The medical approach to ITP: the challenge of finding an adequate treatment

Migraine is the third most common disease in the world and is the most common neurological disease in people under the age of 50.1. According to the Spanish Society of Neurology (SEN), more than four million Spaniards suffer from migrainestwoof which a million suffer from chronic migraine.

Migraine is a potentially serious and chronic neurological disorder characterized by episodes of severe headache, often accompanied by nausea, vomiting, and sensitivity to light and sound. It affects three times more women than men and has a high economic cost caused by high absenteeism and work performance. Patients with chronic migraine usually miss work in Spain an average of 14.6 days per year, implying direct, indirect and associated costs with lost productivity of €12,900 per patient per year3.

The approach to migraine is very complex, albeit in recent years progress has been made in its treatment with the development of specific drugs such as monoclonal antibodies targeting calcitonin gene-related peptide (CGRP)neuropeptide that is key in the pathogenesis of this disease.

Efficacy of Eptinezumab

The scientific journal “Lancet Neurology” published the DELIVER study, which showed how between 42 and 49% of patients treated with eptinezumab cut their migraine days per month by half or more. The study shows the efficacy and safety of eptinezumab administered by intravenous infusion in patients with chronic or episodic migraine who have had between 2 and 4 previous preventive treatments that have failed due to lack of efficacy or adverse effects. Eptinezumab also demonstrated statistically significant superiority over placebo in reducing the number of migraine days per month over 12 weeks of treatment, reaching statistical significance for all key secondary endpoints.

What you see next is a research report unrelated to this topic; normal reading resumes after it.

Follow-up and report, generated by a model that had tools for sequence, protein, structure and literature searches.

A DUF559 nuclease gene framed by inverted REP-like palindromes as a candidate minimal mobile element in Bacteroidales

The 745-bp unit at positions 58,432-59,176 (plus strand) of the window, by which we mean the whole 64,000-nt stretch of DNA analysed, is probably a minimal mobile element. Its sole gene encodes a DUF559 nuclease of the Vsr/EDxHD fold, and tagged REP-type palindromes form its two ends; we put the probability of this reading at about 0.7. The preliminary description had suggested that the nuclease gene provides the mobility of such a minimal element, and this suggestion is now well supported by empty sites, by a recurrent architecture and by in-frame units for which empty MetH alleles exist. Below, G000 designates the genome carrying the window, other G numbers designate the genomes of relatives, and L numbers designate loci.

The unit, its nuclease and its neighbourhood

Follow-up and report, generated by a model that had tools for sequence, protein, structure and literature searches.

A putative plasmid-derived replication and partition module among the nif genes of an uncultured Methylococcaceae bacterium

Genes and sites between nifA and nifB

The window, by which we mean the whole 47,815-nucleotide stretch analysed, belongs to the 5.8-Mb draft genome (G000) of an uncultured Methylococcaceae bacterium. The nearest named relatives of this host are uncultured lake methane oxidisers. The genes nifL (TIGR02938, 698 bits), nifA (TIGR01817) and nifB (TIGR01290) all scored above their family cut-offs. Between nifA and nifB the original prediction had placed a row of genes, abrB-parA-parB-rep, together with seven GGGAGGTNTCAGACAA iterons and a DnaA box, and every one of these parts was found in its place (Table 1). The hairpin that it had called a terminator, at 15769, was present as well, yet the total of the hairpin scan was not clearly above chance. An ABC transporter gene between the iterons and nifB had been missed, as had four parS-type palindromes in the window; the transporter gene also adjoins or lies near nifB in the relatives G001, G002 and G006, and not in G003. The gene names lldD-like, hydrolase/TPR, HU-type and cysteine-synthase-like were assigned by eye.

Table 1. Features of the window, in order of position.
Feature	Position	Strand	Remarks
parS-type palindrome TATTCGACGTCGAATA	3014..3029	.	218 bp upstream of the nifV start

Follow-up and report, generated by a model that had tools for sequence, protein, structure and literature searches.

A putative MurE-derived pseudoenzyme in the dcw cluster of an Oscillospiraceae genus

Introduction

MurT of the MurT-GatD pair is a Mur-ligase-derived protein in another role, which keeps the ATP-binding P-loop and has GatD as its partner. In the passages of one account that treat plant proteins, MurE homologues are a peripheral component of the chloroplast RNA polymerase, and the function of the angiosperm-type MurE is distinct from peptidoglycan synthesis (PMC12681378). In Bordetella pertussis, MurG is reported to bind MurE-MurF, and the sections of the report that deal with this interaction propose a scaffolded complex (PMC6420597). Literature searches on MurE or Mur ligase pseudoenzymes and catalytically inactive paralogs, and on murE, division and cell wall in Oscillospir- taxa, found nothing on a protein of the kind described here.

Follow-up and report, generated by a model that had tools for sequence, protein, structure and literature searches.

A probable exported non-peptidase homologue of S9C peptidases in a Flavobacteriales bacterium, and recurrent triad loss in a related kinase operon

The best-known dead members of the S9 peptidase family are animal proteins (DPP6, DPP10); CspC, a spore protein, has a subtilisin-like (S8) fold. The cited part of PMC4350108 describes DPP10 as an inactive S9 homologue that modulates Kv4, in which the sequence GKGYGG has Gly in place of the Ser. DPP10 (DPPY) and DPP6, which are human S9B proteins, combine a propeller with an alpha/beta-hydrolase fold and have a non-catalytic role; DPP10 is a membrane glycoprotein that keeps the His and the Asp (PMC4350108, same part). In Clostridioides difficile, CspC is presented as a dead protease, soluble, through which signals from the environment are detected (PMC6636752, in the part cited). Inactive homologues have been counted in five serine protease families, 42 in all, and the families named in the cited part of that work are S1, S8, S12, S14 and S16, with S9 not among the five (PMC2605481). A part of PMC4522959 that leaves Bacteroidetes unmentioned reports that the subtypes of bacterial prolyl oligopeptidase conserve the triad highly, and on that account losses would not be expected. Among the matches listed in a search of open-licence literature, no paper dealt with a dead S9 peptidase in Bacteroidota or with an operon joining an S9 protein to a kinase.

Carmen Gonzalez Oria, neurologist and coordinator of the Headache Unit of Hospital Virgen del Rocío (Seville) and a member of the team who participated in this study, positively evaluates the conclusions obtained with this antibody. “Eptinezumab was effective in reducing the number of migraine days per month between 4.8 and 5.3, compared to 2.1 in those treated with placebo. It is important to emphasize the speed of action of the drug, which is effective from the first day. It also shows a good safety profile, with a rate of severe effects of 1% in the groups treated with this drug.

The neurologist emphasized that between 42% and 49% of patients who received eptinezumab achieved a reduction greater than or equal to 50% of migraine days per month over 12 weeks, a figure higher than other anti-CGPRs .

“In terms of a ≥ 50% reduction in migraine days per month in patients treated with eptinezumab in the DELIVER study, the results were very interesting. Compared to other studies conducted in patients with failed prior preventive treatment, the rate of 50% reduction in migraine days per month was greater with DELIVER than that achieved with LIBERTY4CONQUER5 and FOCUS6performed with each of the subcutaneous anti-CGRP antibodies”.

Fast onset of action

Subcutaneous administration plays an important role in these results, as it allows the drug to enter the patient’s bloodstream immediately, providing immediate and long-lasting migraine relief. Its effects are felt on the day of the infusion and persist for 12 weeks.7. With a 30-minute intravenous infusion that requires no premedication or office observation time, migraine patients can regain their quality of life. It also has a good safety and tolerability profile for up to 2 years.8.